Facilities manager Norland Managed Services was fined £100,000 for its role in the incident.
Balfour Beatty Engineering Services was contracted to carry out multi-million pound infrastructure upgrade works at the data centre in Hounslow, while Norland was already contracted to provide mechanical and electrical maintenance and had effective control of the site.
Ipswich Crown Court heard Martin Walton, 27, from Blackhall Colliery, Cleveland died on 16 October 2010 at Morgan Stanley’s Heathrow Data Centre.
New power distribution units were being installed to provide two potential power supply sources to the centre’s data storage equipment. One source was an existing substation on the site and the other was a new substation installed as part of the works.
The existing power supply was under the control of Norland while the new supply was under the control of Balfour Beatty.
Connection of the first three of these units to the existing data centre infrastructure was scheduled to take place over the weekend of 16 to 18 October 2010. Last minute modifications to the units required them to be tested with two live supplies to ensure they functioned correctly before being connected to the data centre’s existing infrastructure.
The first unit was successfully modified, tested and connected to the existing infrastructure. However, Martin Walton, a cable jointer employed by subcontracted company, Integrated Cable Services, was electrocuted when his forehead made contact with the 415V live terminals of the second unit.
During the sentencing hearing and the earlier trial, the Health & Safety Executive (HSE) told the court the underlying cause of the incident was a succession of failures indicative of the complete breakdown of Balfour Beatty’s management of health and safety in relation to this project, particularly the breakdown of communication.
While Norland had no role in the construction project, the relevant aspect of their undertaking was the management of the impact of the construction project on the existing operational infrastructure under their control.
Norland issued a permit-to-work to Martin Walton, allowing him to reroute the existing site power supply through the new distribution unit, in the knowledge it had the potential to receive a supply from a source not under their control and without confirming that that other supply was isolated.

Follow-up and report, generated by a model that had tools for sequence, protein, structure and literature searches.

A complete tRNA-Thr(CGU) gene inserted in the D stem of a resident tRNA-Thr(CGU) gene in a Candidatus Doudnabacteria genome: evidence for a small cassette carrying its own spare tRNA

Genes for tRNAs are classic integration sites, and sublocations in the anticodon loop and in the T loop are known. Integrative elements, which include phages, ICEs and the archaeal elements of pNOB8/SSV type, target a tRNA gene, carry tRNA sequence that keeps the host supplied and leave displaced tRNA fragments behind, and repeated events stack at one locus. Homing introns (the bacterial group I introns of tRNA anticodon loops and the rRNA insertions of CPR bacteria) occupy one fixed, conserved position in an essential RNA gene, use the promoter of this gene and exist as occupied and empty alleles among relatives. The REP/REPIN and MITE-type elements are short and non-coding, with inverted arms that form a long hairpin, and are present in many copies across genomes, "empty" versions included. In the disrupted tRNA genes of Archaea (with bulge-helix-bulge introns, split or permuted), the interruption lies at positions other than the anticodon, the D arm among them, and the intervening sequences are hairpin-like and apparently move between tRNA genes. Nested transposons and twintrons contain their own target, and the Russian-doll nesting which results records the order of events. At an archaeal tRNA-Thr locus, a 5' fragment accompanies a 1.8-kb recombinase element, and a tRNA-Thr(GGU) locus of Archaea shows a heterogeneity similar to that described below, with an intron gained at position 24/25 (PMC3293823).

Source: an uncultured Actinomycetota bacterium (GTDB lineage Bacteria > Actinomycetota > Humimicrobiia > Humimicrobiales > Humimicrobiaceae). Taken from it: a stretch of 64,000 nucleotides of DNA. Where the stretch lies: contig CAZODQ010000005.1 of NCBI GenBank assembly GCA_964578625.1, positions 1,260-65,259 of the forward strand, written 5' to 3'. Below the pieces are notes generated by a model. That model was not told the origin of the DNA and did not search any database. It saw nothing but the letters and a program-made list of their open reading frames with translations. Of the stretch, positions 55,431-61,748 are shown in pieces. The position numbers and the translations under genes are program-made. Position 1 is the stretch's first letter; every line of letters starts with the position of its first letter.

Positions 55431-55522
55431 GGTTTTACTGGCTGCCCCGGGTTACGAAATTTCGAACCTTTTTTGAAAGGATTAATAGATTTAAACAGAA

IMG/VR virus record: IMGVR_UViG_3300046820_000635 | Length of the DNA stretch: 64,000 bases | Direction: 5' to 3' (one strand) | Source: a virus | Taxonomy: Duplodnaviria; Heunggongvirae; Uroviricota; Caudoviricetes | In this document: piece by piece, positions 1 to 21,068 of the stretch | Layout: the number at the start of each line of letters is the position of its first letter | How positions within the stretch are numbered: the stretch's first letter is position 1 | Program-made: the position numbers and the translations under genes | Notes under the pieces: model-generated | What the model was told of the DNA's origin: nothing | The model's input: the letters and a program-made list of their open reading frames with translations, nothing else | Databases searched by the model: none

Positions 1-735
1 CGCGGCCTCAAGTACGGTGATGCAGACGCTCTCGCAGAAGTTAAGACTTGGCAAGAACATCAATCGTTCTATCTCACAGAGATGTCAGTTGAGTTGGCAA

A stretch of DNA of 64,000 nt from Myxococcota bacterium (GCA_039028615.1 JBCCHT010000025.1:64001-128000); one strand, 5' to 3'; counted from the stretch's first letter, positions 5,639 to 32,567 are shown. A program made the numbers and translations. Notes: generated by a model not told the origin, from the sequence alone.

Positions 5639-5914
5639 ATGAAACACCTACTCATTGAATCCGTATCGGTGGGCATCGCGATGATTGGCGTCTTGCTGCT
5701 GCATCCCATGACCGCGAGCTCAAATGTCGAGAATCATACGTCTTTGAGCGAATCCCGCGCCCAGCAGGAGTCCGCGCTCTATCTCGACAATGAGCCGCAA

Balfour Beatty Engineering Services admitted breaches of Section 2(1) and 3(1) of the Health and Safety Work etc. Act 1974 and was fined £280,000 in total (£140,000) with £42,240 costs.
Norland Managed Services was found guilty after an earlier trial of breaching and 3(1) of the Health and Safety Work etc. Act 1974 and was fined £100,000 with £106,670 costs.
HSE inspector Loraine Charles said: “Martin Walton’s death, which had a truly devastating effect on his family and friends, was entirely preventable.
“Although Balfour Beatty claimed to have been under pressure from a difficult and demanding client, they cannot be excused for having lost sight of the need for the effective control of risks arising from the work being carried out under their control at this data centre.
“Permit to work systems were operated poorly or not at all. Not one person involved in the work at the time of the accident had an accurate overall understanding of the work being carried out and, as a consequence, Martin Walton and others were unknowingly working in the vicinity of exposed live electrical terminals.
“Norland, who were operating an effective permit to work system in relation to the equipment under their own control, made no effort to ensure that the work they permitted did not create risk at the point at which it interacted with equipment under Balfour's control.”
Balfour Beatty subsequently issued the following statement: "Balfour Beatty has offered its deepest sympathies to the family and friends of Martin Walton who was killed in this tragic incident. The safety of the public and our workforce is always our primary concern. Balfour Beatty has since taken appropriate corrective action to take the lessons learnt from this tragic incident and share them and improvements across our business."